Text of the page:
Graduate Theses & Dissertations

When He Reigns, It Pours
This thesis examines the symbolic meaning and significance that the elite attached to water in ancient Bagan. Through the use of ethnoarchaeological, epigraphic, archaeological, and iconographic data, this study examines the role of water as part of rituals performed by the royal court and the ways in which the royalty of Bagan, in particular King Kyansittha, negotiated, appropriated and disseminated water symbolism to fulfill his interests. Data indicates that the symbolic and religious meaning of water was intricately attached to Buddhist concepts of fertility, wisdom, creativity, and protective powers. Evidence suggests that the royalty employed different techniques to appropriate and disseminate water ritualization, including the performance of water rituals that were closely attached to kingship, power, and ruler legitimacy, the promotion of an alliance with creatures capable of increasing rains and fertility, and the use of analogies that compared the properties of water with the virtues of the king. Author Keywords: Bagan, Bagan Iconography, Jataka Tales, Royal Rituals, Theravada Buddhism, Water Rituals
An Application of Virgilio Enriquez's Indigenization Method on Filipino-Canadian Discourse
In Disturbing Invisibility (Coloma, McElhinny, Tungohan, Catungal, Davidson, 2012), the most comprehensive book on Filipino-Canadian studies to date, issues were identified in the afterword as to how Filipino-Canadian studies relates to indigenous identity. This thesis attempts to address this issue by applying Enriquez’s (1992) Indigenization Method onto Filipino-Canadian discourse. It attempts to do this by: exploring the colonial context and history in the Philippines and its effect on the formation of a Filipino indigenous identity; exploring Filipino indigenous thought as described by Enriquez (1992) in his seminal book From Colonial to Liberation Psychology; understanding Filipinos in Canada with the inclusion of literature from Filipino-American studies and the Filipino Indigenization movement; and how orienting Filipino-Canadian discourse with the indigenous concepts brought forward by Enriquez might look like, with emphasis on how Filipino-Canadian discourse could interact with Indigenous issues relating to Indigenous People in Canada today. It becomes clear that the Filipino Indigenization movement has reached grassroots Filipino organizations in Canada, and that uncritically ignoring their own Filipino indigenous roots would be denying themselves the unique cultural gifts that those roots provide. As being both Filipino and Canadian, Filipino-Canadians who seek to reclaim their indigenous roots would find that the indigenous concept of kapwa (“the self in the other”) would encourage an examination of issues pertaining to Indigenous People in Canada as commonalities exist in their experiences with colonization. Author Keywords: Canada, discourse, Filipino-Canadians, indigenization, indigenous, Philippines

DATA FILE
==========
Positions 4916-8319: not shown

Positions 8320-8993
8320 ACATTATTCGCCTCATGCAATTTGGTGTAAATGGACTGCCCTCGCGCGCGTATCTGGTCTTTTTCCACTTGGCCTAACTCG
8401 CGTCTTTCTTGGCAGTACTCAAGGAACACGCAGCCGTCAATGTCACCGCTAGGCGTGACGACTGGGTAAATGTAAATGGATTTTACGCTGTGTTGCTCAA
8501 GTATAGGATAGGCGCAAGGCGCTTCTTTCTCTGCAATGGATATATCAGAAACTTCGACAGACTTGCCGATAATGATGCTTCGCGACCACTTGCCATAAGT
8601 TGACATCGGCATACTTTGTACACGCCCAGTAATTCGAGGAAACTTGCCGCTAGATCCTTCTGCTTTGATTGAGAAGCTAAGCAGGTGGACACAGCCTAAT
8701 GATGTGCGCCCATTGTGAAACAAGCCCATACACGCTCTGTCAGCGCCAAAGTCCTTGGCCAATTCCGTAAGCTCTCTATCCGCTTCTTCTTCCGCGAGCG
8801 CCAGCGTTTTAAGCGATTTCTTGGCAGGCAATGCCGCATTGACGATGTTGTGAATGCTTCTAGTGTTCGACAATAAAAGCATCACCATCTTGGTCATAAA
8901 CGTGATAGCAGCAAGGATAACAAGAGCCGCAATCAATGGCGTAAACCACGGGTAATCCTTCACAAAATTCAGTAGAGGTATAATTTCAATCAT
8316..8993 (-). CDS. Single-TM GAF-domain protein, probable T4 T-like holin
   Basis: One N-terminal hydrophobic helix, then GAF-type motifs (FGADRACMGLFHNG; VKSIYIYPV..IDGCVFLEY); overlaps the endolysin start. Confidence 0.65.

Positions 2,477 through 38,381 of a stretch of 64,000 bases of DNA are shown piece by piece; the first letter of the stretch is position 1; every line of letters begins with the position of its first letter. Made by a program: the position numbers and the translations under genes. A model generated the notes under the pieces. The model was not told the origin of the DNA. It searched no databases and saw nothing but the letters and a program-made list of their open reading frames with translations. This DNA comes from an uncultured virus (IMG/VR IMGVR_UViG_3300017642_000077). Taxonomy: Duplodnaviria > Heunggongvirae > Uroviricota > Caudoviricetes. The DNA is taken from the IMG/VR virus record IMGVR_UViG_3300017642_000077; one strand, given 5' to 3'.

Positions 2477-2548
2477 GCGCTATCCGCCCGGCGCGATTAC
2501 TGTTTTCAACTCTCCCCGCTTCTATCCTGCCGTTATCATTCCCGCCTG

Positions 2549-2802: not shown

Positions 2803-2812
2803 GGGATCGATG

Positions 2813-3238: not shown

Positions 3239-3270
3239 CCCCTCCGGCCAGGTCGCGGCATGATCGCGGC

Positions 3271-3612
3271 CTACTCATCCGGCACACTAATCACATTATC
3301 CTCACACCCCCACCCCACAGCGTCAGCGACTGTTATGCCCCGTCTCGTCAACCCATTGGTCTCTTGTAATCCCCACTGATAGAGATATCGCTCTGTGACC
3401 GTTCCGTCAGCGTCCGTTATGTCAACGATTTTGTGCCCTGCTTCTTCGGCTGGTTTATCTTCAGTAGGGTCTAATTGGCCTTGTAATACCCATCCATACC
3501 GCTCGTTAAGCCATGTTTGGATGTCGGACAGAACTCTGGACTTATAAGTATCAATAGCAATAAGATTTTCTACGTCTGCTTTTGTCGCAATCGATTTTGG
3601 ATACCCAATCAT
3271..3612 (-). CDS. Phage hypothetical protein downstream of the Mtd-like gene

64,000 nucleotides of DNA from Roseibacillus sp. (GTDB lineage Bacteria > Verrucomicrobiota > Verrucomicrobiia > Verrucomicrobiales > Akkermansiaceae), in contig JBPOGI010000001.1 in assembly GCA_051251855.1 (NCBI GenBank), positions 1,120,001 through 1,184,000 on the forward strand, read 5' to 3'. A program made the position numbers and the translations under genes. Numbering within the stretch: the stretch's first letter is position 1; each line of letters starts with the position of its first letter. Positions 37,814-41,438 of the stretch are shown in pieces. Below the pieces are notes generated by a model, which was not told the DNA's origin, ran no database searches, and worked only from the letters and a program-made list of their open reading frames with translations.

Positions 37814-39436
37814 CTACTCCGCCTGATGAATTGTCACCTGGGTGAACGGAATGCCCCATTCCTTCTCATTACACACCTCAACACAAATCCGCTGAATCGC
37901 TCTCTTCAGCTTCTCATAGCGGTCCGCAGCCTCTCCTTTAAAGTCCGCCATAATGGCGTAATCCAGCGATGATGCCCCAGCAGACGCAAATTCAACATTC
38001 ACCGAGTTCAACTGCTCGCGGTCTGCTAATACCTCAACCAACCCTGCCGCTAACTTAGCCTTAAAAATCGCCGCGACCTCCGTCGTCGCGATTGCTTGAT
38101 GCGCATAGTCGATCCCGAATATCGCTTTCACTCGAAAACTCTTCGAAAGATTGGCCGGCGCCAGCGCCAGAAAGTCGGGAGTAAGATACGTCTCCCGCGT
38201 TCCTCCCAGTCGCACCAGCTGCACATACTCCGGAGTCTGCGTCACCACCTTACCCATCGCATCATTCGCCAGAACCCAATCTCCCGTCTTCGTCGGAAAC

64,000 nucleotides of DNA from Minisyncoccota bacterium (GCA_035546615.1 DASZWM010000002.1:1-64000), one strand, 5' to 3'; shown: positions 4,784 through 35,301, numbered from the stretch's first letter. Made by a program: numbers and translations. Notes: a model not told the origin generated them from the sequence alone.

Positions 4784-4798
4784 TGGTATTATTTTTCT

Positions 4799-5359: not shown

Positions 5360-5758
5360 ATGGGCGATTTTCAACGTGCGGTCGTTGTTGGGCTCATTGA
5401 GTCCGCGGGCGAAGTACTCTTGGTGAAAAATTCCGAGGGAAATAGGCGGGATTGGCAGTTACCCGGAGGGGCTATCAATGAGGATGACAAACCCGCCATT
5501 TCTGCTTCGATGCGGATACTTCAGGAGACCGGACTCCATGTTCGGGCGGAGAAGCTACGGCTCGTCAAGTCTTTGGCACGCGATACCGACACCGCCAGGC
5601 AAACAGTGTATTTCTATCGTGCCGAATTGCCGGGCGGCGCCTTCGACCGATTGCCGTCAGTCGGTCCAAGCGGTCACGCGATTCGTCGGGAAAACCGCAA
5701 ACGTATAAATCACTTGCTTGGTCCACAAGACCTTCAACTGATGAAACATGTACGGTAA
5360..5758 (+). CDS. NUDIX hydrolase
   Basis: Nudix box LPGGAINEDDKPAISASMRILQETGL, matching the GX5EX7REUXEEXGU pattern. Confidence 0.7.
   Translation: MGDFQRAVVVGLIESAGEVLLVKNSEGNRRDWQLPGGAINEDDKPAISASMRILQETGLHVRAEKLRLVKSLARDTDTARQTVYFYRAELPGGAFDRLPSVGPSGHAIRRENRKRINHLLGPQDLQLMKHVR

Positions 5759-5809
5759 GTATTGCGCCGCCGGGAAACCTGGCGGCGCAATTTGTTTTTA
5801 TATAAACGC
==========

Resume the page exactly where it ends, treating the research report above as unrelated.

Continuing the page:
Assessing Quality of Life for the Urban Inhabitants of Classical Angkor, Cambodia (c. 802-1432 CE)
This thesis examines the interrelationship of urban planning and population health at the site of Angkor (c. 802-1432 CE), the capital city of the Classical Khmer state, now found within modern-day Cambodia. The inhabitants of Angkor developed a settlement strategy that relied on the dispersal of water management features, rice fields, temples and residential areas, to best utilize the spread-out environmental resources of the surrounding monsoon-forest climate. Thus, the main question to be answered by this thesis is this: did the city-planning practice of dispersed, low-density agrarian urbanism promote resilience against the disease hazards associated with tropical environments? To answer this question, methods involved creating assessing environmental and socio-cultural factors which habituated the urban inhabitants of Angkor’s relationship to disease hazards. The results of this assessment demonstrate that it was not until the last stages of Angkor’s urban development, when non-farming members of the population were concentrated into the “core” area of temples within city, that the city’s inhabitants’ vulnerability to infectious disease increased. As the city took a more compact settlement form, it was not as environmentally compatible as the earlier dispersed pattern. Significantly, archaeological case studies such as this can illustrate the long-term development and end-result of urban planning to deal with disease hazards, both in terms of everyday occurrences, as well as during crisis events, which has important implications for contemporary research on environmental disasters today. Author Keywords: Adaptive Strategies, Mainland Southeast Asia, Pre-industrial Urbanization, Resilience, Tropical Diseases

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